Mixed Farmer
Location
Derbyshire UK
Kale now there’s an idea that might work along with westerwolds. Could drill it into the growing whole crop which should still satisfy the stewardship rules. Maybe just trying to get too many things out of it though.
Only one way to find out I suppose.
Tried undersowing combinable pea/barley (100kg/acre) with white clover (3kg/acre) this year, but clover was up to high to combine so mown & bales left in field for cows (turned out yesterday). Broadcast kale/stb. turnip mix onto stubble, but bit late. Clover is more for soil cover/N fixing than cows.
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Farmer Roy

Member
Arable Farmer
Lots of people also can't see the benefit of any plants on the landscape that they didn't put there... today I measured 24°C of difference in soil temperature, 2 metres apart - that's the beauty of the things the stock leave behind them, however you can't always get people to step outside the stories they have told themselves for years and have a look

these pics are from this day, January, 3 years ago, which some may remember was near the end of a fairly challenging & extreme period of 4 or 5 years we went through.
Anyway, I thought I’d highlight the temperature difference in a harsher environment.
Apologies for the picture quality, but the scale on the thermometer goes to 50 C & given how quickly the needle hit it, I’d be confident saying the soil temp in that photo was well above that.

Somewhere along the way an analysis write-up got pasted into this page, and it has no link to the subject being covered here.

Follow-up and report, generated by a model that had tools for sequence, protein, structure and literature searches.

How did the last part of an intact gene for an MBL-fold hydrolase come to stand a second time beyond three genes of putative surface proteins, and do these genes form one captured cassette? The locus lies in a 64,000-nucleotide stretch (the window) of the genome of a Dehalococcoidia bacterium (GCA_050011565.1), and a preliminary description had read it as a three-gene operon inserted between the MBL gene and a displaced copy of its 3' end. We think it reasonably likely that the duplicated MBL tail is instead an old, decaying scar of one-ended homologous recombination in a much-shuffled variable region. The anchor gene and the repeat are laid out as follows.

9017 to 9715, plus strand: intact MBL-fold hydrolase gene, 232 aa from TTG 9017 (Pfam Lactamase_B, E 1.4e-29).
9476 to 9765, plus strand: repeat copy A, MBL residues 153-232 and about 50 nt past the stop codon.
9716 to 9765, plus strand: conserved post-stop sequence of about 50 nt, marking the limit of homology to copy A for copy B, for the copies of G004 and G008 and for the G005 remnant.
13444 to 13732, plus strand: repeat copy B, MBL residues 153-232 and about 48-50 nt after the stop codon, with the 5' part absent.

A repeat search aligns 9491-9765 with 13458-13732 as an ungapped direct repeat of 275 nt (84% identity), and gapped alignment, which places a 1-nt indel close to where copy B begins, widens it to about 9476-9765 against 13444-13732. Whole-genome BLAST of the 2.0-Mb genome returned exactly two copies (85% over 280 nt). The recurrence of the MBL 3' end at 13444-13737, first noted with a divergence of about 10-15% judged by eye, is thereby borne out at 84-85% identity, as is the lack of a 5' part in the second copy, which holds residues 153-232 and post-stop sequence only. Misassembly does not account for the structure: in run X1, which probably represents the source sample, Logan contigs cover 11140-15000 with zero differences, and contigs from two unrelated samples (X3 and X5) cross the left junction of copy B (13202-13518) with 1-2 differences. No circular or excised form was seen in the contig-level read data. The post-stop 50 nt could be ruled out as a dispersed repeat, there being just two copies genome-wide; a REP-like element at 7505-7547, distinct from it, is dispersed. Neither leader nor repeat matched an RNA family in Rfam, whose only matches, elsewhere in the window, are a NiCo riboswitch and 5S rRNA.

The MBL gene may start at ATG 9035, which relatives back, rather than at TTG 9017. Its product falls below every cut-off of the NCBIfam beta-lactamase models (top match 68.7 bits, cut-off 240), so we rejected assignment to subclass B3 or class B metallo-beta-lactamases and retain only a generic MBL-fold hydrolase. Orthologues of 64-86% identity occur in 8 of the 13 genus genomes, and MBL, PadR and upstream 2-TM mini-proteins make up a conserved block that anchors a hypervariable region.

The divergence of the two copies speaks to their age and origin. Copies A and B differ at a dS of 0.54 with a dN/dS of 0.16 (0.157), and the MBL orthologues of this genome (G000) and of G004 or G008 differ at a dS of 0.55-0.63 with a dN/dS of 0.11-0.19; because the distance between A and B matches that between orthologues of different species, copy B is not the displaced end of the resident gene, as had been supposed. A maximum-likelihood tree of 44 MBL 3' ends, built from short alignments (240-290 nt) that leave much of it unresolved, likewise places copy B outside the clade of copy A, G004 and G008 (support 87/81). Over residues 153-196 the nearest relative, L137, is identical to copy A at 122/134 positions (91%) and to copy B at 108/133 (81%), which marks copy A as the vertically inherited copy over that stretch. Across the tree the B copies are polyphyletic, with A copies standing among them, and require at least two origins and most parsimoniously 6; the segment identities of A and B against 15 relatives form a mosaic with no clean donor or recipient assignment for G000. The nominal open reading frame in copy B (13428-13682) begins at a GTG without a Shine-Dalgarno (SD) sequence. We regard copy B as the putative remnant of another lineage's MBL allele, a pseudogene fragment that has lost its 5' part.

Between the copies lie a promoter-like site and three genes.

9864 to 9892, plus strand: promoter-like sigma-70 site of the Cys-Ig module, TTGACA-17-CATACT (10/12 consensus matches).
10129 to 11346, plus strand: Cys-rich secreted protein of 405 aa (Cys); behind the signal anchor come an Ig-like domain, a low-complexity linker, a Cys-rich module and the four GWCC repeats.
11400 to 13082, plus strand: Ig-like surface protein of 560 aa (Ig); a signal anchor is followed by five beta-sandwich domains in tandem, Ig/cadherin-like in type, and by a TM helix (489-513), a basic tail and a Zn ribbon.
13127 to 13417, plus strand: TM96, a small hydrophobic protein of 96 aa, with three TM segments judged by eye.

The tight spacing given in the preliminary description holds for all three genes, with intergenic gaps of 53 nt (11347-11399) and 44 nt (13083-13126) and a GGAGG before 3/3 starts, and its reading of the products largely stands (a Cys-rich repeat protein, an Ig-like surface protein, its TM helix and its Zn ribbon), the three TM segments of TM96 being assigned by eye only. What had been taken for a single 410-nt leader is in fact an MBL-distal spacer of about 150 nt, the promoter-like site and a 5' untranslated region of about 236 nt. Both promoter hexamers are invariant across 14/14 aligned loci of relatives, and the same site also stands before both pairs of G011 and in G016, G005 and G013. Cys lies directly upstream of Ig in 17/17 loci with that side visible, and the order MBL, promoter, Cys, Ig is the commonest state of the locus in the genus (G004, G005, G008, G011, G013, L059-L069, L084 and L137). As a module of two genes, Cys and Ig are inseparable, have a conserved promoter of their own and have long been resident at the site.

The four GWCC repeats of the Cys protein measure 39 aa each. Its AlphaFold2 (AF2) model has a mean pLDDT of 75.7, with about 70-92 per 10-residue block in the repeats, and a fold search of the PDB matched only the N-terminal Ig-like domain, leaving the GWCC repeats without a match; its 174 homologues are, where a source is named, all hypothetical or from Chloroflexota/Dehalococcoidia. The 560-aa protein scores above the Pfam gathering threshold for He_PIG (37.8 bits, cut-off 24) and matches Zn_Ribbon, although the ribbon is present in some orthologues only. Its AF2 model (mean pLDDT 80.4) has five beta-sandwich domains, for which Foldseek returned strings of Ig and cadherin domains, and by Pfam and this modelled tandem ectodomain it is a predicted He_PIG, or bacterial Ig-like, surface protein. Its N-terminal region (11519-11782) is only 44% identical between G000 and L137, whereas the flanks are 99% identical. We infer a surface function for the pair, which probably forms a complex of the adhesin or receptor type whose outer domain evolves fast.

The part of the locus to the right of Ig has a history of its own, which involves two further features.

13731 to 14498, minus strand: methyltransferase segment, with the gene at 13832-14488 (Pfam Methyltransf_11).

Note that even though the soil isn’t in full shade under the plants, it is still substantially cooler. These pics were all taken at the same time within a metre or two of each other
The differences plants make - even harsh spiky ones that nothing will eat & everyone wants to get rid of. They all serve a function
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Fenwick

Member
Location
Bretagne France
I'll ask this question here before daring the facebook groups!

Does anyone following this thread have any idea on the classes of grasses based upon their place in succession during the regeneration of grasslands?

I.E. early grasses, middle grasses high (or climax) grasses.

Preferably the european C3 grasses, but I'll take anything as I'm not getting far with this!
 

Kiwi Pete

Member
Livestock Farmer
I'll ask this question here before daring the facebook groups!

Does anyone following this thread have any idea on the classes of grasses based upon their place in succession during the regeneration of grasslands?

I.E. early grasses, middle grasses high (or climax) grasses.

Preferably the european C3 grasses, but I'll take anything as I'm not getting far with this!
In our situation, I would assume that Poa sp. (June grass, meadow grasses) are probably towards the earlier end of the scale, with cocksfoot/orchardgrass, tall fescue and toetoe being our climax grasses. Hard to really say for sure as the environment has been modified to suit every other imaginable grass yet reverts to cocksfoot, browntop, fescue once you stop getting in the way of them